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It's also a hopeful sign that the leaders of all three endemic countries have put their prestige on the line. Nigerian President Goodluck Jonathan pledges that polio will be wiped out in his country by 2015. Afghanistan's Hamid Karzai signed a polio-eradication plan in September and made a show of personally administering drops to children. But it's Pakistani President Asif Ali Zardari who has the most to gain--and lose--in the polio campaign. His daughter Asifa Bhutto Zardari is a leading spokeswoman for the eradication effort, recalling in speeches that her mother--the late Prime Minister Benazir Bhutto, who was assassinated in 2007--administered the vaccine to her when she was a child. President Zardari speaks of "my martyred wife," who dreamed of a world free of disease.
Pakistan is putting institutional power behind the sentimental appeals. After the December shootings, the government temporarily suspended the inoculation program, but Prime Minister Raja Pervez Ashraf quickly issued a statement confirming the country's commitment to the campaign. He called for an inquiry into the attacks, promised the safety of polio workers and pledged to proceed with plans to deploy 250,000 health workers to vaccinate 34 million children in 2013. Polio teams will continue to work at toll plazas, boarding buses and looking for children who don't have blue ink staining a finger--a mark applied by field workers after a vaccine has been administered. When they find an unmarked child, they vaccinate on the spot.
Appeals to religion and reason are being deployed as well. Health workers in tribal areas cite Koran verses that encourage the care of children and reach out to local religious leaders for support. If the mullah in Mohib Banda had endorsed the vaccine, says Saiful Islam, father of the paralyzed 6-month-old girl, "100% of the village would have accepted it." And how to answer those rumors of vaccine-related sterility? Tahira Yasmin, a polio worker for UNICEF, has a way: "I tell them I am married and young. If I were worried, I would not take it," she says. Then she downs a few drops. "They laugh and they let their children take it."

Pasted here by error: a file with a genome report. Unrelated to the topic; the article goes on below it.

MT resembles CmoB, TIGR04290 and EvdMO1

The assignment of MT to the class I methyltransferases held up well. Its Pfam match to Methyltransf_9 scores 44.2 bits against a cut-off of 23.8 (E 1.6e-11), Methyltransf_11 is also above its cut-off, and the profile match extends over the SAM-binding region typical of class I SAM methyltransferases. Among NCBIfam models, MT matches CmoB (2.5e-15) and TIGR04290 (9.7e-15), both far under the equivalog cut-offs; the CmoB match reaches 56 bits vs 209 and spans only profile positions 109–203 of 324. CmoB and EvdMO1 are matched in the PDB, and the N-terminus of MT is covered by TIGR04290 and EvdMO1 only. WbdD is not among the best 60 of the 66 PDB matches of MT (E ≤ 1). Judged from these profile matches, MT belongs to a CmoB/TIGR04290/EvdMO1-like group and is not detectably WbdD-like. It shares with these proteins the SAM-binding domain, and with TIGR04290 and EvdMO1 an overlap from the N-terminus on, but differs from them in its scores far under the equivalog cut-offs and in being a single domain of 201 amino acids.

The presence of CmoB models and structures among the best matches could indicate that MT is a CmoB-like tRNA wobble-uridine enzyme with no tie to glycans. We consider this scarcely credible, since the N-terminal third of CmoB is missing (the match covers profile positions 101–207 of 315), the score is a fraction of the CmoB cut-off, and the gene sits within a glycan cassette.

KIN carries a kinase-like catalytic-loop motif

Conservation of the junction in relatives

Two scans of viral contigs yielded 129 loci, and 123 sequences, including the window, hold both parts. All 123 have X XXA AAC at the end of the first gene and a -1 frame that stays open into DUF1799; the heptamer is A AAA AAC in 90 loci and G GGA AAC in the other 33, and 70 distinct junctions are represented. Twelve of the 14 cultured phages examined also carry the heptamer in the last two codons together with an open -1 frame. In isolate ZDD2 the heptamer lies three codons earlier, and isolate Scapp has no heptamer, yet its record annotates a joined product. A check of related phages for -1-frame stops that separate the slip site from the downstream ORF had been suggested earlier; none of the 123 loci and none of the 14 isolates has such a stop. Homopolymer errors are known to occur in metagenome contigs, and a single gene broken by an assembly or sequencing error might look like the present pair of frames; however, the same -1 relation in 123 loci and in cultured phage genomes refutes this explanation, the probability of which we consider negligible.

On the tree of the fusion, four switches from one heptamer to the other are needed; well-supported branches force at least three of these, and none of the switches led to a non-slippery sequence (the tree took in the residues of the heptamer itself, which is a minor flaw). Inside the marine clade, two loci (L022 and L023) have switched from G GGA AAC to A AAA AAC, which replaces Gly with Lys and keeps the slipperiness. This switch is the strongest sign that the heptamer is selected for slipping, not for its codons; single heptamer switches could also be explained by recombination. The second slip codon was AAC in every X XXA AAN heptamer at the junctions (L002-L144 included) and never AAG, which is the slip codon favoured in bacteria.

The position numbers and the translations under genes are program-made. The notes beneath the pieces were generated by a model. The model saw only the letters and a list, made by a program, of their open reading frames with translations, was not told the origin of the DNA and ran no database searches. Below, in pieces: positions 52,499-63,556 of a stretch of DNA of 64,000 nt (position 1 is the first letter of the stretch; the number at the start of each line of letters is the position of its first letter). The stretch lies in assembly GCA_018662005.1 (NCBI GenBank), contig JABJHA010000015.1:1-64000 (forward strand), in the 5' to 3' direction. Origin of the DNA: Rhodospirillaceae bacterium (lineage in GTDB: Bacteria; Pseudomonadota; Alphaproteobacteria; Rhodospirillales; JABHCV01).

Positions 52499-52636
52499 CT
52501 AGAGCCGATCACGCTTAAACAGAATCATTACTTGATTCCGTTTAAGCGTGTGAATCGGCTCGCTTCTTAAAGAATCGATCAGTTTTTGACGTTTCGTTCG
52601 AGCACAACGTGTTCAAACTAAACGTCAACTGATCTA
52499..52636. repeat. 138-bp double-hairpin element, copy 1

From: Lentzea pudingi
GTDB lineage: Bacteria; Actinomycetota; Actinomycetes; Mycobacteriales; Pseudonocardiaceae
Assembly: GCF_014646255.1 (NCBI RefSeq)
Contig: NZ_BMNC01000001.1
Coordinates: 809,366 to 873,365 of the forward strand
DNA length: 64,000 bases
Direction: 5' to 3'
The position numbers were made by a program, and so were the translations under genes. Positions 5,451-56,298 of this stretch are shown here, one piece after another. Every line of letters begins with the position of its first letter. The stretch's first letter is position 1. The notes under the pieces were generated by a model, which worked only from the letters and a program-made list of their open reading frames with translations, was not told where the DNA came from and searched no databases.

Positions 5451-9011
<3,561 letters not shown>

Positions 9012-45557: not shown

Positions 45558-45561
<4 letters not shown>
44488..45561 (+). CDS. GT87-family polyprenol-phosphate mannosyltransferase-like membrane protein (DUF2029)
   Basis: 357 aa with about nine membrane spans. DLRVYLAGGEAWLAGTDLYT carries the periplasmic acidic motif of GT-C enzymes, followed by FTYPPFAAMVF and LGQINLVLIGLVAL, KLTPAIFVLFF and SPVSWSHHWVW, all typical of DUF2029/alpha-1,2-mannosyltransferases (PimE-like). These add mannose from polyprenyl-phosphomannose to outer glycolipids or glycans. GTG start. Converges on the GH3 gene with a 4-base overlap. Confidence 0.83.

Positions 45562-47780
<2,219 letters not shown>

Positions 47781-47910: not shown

Rotary, WHO and the other groups had hoped to have halted transmission in all three endemic countries by the end of 2012. Now they acknowledge they will have to continue intensively vaccinating in 2013, especially during the comparatively cool months when the virus is at its weakest. "You pound the disease through the low season," says Aylward. "Then you need 12 months of no cases before you could say that we did it. You're not going to open the champagne at least until 2014."
When that does happen--when polio joins smallpox in the supermax lockdown of the lab--it will be an existential as much as a medical victory. Viruses and bacteria have had their way with humans since the dawn of history--a species-vs.-species war we have too often lost. We are on the brink of wiping out a virus that richly deserves extinction. The war may be slow, but there is no tonic like a big victory over a disease to ensure there will be more victories to come.